Also the spring constant of the bellows and the field strength of the sender magnet can be correlated. In general, however, because the spring constant or restoring force of the bellows necessarily must resist the force due to a maximum expected pressure difference, the affect of extraneous geomagnetic fields will not be significant.
FIG. 6 shows a third embodiment of a spiral-faced bellows sender unit in which a torsion spring 128 couples between the periphery of spiral-faced bellows 80 c and magnet support plate 96 c. The torsion spring 128 effectively decouples the restoring spring constant of the bellows 80 c from the sender magnet 74C. In this embodiment the compliance of torsion spring 128 permits sender magnet 74C and sender magnet support 96C to rotate with respect to the periphery of spiral-faced bellows 80C. Sender unit 14F is otherwise identical to sender unit 14E shown in FIG. 5. A similar decoupling torsion spring coupling can be substituted for the alignment pin 40 and-slotted shaft coupling mechanism between the helical bellows 18 and support plate 42 holding the sender magnet 46 shown In FIG. 2.
FIG. 8 shows an another embodiment the invented magnetically coupled pressure gauge that uses flux-guiding elements 130A and 130B to increase operating distance between a sender unit 14G and a reader unit 16E. Flux-guiding elements 130A and 130B are comprised of alternating high-permeability (e.g., ferromagnetic) elements 132A and 132B and low-permeability elements 134A and 134B. Low-permeability elements 134A and 134B can be air gaps. The respective flux-guiding structures are substantially coaxial with the sender unit 14G and reader unit 16E. They may be installed on either or both sides of the pressure vessel wall 30C. Flux-guiding structures 130A and 130B may also envelop either or both sender 14G unit or reader unit 16E, or be abutted to them, as suggested in FIG. 8.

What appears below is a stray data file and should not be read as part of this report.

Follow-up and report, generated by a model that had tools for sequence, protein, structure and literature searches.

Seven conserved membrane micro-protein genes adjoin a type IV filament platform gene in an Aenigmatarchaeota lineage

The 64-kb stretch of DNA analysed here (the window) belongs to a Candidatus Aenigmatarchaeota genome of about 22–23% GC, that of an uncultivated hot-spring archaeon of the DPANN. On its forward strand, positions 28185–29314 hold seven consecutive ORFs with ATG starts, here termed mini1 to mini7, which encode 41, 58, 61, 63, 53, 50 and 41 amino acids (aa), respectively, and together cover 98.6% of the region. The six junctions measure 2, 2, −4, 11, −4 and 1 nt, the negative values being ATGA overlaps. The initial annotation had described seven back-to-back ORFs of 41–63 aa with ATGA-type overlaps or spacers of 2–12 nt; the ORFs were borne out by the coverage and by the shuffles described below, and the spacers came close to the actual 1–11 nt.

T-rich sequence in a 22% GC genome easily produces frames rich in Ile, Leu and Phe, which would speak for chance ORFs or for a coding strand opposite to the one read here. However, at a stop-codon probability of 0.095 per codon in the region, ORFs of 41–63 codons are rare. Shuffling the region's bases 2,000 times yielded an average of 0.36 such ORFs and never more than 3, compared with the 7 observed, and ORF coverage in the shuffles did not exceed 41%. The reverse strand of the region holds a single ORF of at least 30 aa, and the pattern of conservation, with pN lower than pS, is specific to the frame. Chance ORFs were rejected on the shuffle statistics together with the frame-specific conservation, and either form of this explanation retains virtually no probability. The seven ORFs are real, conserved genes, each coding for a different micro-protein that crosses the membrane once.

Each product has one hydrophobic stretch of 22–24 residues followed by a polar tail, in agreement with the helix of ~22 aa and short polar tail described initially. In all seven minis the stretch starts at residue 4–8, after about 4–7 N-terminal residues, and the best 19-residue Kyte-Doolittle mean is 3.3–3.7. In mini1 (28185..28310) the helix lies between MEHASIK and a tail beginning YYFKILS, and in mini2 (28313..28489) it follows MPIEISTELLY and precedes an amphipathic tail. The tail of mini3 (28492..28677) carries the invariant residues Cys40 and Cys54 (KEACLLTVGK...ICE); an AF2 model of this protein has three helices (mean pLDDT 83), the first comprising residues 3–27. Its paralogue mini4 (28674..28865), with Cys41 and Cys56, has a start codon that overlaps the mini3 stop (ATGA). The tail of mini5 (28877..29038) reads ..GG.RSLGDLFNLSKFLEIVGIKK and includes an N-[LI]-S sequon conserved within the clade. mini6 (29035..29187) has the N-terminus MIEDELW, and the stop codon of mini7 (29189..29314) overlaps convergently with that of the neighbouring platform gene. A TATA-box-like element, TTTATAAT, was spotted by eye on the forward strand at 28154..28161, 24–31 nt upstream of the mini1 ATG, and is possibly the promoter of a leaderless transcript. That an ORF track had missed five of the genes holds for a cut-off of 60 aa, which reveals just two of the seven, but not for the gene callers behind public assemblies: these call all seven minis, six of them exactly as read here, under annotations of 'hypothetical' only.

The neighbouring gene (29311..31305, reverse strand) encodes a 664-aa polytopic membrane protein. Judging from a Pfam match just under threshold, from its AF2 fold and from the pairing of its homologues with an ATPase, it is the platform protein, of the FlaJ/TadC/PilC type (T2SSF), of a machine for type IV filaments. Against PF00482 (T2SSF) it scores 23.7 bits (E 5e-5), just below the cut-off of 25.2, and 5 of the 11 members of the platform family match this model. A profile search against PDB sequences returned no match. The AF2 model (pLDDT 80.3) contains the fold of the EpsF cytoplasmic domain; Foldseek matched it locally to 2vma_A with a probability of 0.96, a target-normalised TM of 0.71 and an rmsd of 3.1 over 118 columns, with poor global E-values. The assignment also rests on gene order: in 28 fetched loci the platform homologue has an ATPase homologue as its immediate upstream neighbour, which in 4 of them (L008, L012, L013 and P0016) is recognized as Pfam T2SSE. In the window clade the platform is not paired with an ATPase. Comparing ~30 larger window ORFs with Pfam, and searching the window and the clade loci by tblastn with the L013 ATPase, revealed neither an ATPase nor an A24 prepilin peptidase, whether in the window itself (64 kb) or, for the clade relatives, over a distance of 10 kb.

In FIG. 9 an embodiment of the invented magnetically coupled pressure gauge is shown that contemplates a manually located gauge for reading pressure of pneumatic vehicle tire without penetrating or requiring any fluid communication into tire. Here Sender unit 14H is permanently attached to or molded into the inner sidewall of a vehicle tire 136. Tire 136 is shown mounted on wheel rim 138, which together comprise a pressure vessel. Sender unit 14H can be quite small—less than ½ inch in diameter, for example. A person desiring to measure the tire pressure merely holds the reader unit 16F against the tire. Indicial markings, such as a raised ring 140 and fiducial mark 142 may be molded on the exterior surface of the tire to show where and how the reader unit 16 f is to be placed and oriented. Alternatively, sender unit 14H may be mounted on the inner surface of wheel rim 138.
Referring to FIGS. 1 & 2, pressure sender unit 14A or 14B and reader unit 16A or 16B translate relative to each other, although not absolute required, preferably the axes of the sender and reader units should be substantially coaxial at the moment of closest approach between the sender and reader units. Such relative motion will induce voltage and current signal pulses in the crossed induction coils 52 in reader unit 16C. (FIG. 2) The relative strength of the induced signals in each of the induction coils 52 is a function of the angle between the respective induction coil axes and the sender magnet field direction as it sweeps by the reader unit 16C.
FIG. 3 illustrates the general nature of the signals induced in induction coils 52 versus time as the tire and wheel motion translates a sender unit past the crossed induction coils 52 in reader unit 16C. Shown are the “transverse” and “longitudinal” signals, which may correspond respectively to the components of the sender magnetic field along the direction of tire rotation and across the direction of tire rotation. Angle Θ is measured between the direction of tire rotation and the sender magnetic field. Those skilled in sensing and measuring magnetic fields should appreciate that the “longitudinal” and “transverse” signals need not be the actual signals induced in induction coils 52. They can be electronically derived from the actual induced signals if induction coils 52 are arbitrarily oriented with respect to the tire and wheel. The “longitudinal” signal is maximized when Θ≈0. The “transverse” signal in approximately zero when Θ≈0 and increases in magnitude when Θ≠0. The ratio of “longitudinal” and “transverse” signals induced in the crossed induction coils is approximately proportional to the tangent of the angle of the magnetic field in the plane of induction coils 52. These induced signals have distinctive waveforms that can be analyzed by a microcomputer or other means to report tire pressure.